In a different part of the World the amateur season is now kicking off in Europe. Traditionally the season opener is the Portuguese Amateur, and so again this year. 16 English players are ready to open their season in what is normally a nice warm up for the Spanish Amateur the coming week. What is really nice is that the winner usually gets an invitation to the Portuguese Open on the European Tour. That alone is a pretty good reason to travel to Portugal! Follow the English players’ progress here.
Last night I did a session for the so called Sussex County Coaches network. This network is part of the initiatives supported by the County Golf Partnership which in turn is supported by funding from Sport England through the England Golf Partnership. Pretty much each county that has formed a partnership should have one of these networks, designed to train, educate and develop the coaches and the coaching that operate within the county. What last night’s session made me realise is what a complete paradigm shift this is. Coach education has always been considered the job of the PGA by the amateur bodies. Even though it still is, these amateur bodies like the county unions and the national unions are now starting to realise that if we want the world’s best players, we will need the world’s best coaches. What I found last night was a group of young, aspiring, motivated and willing to learn people that almost without exception work full time in coaching. The times of the pro running the pro shop and giving lessons for a few hours per week are gone, at least if you really want to get into coaching. Coaching is a full time job that requires specialist training!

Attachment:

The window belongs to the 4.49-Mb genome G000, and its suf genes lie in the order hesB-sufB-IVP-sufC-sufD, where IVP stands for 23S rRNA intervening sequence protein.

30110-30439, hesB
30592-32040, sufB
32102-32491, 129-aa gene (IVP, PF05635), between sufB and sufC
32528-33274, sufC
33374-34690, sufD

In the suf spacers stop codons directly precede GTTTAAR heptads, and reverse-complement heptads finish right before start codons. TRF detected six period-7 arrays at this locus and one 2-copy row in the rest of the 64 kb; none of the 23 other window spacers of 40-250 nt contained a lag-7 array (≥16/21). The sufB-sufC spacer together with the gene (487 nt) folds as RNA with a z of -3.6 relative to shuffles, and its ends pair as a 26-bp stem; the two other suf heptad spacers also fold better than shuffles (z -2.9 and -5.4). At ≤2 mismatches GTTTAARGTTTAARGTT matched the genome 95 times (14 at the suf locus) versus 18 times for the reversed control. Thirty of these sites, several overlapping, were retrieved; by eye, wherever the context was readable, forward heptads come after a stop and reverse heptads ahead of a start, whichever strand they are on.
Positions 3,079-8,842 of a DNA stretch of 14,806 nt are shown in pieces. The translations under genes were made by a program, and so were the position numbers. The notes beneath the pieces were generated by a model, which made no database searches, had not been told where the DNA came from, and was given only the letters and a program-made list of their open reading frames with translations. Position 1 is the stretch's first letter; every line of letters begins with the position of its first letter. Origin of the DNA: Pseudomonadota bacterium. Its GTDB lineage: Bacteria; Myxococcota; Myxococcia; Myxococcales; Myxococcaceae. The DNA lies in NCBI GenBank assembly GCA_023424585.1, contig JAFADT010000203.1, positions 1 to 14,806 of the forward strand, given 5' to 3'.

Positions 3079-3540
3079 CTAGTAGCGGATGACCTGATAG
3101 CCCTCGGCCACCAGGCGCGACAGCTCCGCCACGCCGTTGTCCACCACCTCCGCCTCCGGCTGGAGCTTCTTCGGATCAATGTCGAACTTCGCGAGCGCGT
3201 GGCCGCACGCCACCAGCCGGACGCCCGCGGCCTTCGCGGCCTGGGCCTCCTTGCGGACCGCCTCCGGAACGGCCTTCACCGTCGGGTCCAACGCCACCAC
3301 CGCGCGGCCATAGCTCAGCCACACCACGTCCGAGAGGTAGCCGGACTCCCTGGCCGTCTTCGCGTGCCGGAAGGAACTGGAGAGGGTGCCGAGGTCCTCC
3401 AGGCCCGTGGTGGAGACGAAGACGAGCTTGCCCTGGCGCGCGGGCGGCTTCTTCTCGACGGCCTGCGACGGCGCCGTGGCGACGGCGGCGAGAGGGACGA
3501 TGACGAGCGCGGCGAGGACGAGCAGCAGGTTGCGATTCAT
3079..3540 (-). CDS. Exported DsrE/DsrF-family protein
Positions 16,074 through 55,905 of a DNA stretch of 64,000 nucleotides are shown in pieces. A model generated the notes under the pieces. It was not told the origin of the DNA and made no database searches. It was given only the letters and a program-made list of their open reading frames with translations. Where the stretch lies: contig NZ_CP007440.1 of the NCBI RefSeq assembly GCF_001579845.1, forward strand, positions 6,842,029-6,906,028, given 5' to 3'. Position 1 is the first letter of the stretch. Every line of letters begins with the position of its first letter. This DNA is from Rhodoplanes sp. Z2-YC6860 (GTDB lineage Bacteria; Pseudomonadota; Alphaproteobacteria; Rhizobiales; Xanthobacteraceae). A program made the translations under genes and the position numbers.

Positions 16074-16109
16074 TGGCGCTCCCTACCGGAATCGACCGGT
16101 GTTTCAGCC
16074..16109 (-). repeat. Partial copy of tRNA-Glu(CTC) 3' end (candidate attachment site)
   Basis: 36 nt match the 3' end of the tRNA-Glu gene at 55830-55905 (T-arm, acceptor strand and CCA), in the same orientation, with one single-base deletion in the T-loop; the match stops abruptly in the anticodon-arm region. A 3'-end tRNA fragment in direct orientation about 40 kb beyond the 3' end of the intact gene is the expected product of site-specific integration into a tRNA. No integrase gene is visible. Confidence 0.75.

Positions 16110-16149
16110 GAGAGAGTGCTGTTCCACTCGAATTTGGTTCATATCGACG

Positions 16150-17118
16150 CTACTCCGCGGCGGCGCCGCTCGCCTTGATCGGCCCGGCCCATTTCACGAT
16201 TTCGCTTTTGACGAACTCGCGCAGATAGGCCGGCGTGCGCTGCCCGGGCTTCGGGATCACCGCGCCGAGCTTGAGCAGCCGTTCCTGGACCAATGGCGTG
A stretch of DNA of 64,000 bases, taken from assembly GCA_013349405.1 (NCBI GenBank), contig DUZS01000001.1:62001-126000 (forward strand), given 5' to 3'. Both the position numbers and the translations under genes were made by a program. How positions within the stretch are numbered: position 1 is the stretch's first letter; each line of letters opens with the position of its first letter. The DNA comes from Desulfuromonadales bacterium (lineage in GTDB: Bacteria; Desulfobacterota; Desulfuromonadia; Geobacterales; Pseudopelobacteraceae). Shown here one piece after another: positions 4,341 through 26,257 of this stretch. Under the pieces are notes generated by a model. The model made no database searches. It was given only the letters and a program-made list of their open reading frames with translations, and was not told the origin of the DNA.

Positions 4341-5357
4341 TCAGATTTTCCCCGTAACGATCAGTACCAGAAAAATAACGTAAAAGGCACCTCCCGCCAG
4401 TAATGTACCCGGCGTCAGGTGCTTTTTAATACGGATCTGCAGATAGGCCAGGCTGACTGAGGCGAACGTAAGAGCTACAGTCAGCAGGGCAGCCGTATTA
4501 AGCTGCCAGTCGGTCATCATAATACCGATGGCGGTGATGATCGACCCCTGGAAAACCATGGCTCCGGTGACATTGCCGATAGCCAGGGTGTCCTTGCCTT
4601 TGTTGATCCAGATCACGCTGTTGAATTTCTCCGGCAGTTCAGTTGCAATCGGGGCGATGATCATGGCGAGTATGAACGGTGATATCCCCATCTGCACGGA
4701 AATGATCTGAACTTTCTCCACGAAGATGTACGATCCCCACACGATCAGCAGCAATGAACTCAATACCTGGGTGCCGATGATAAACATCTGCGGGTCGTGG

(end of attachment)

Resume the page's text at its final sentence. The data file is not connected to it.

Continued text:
Lots to carry and lots to wear!
The other day I caught a flight from Stockholm to London. It was a busy morning on Scandinavian Airlines and it did not take long for me to realise why. On board were parts of the Swedish Olympic Team on their way to Vancouver. No, the number of direct flights between the Swedish Capital and the winter sports centre of all attention for the next few weeks is non existing, so a stopover in London is probably the best alternative for those heading that way.
On board that flight I realised what a uniform can do. People were very cheerful and sent their best wishes and good luck to the future Olympians. I do not think anybody actually recognised any of the faces but the uniforms you could not miss. Bright yellow and blue tracksuits and combinations of T-shirts and sweaters that actually looked really cool.
I have had the same experience once before. In Barcelona Airport when I ran into the Barcelona football team. Not being such a football nut I could not recognise the faces, even though I did spot Thierry Henry as he walked by, but the uniforms were way too obvious not to be noticed. Bright orange tops with light brown jogging pants. When golfers travel in uniform it is usually in their blazer. Even though that can be an efficient way to get the lucky upgrade on the flight I am not sure it is what the players would pick, had they had the choice. A cool, relaxed outfit in the team colours would probably go down better!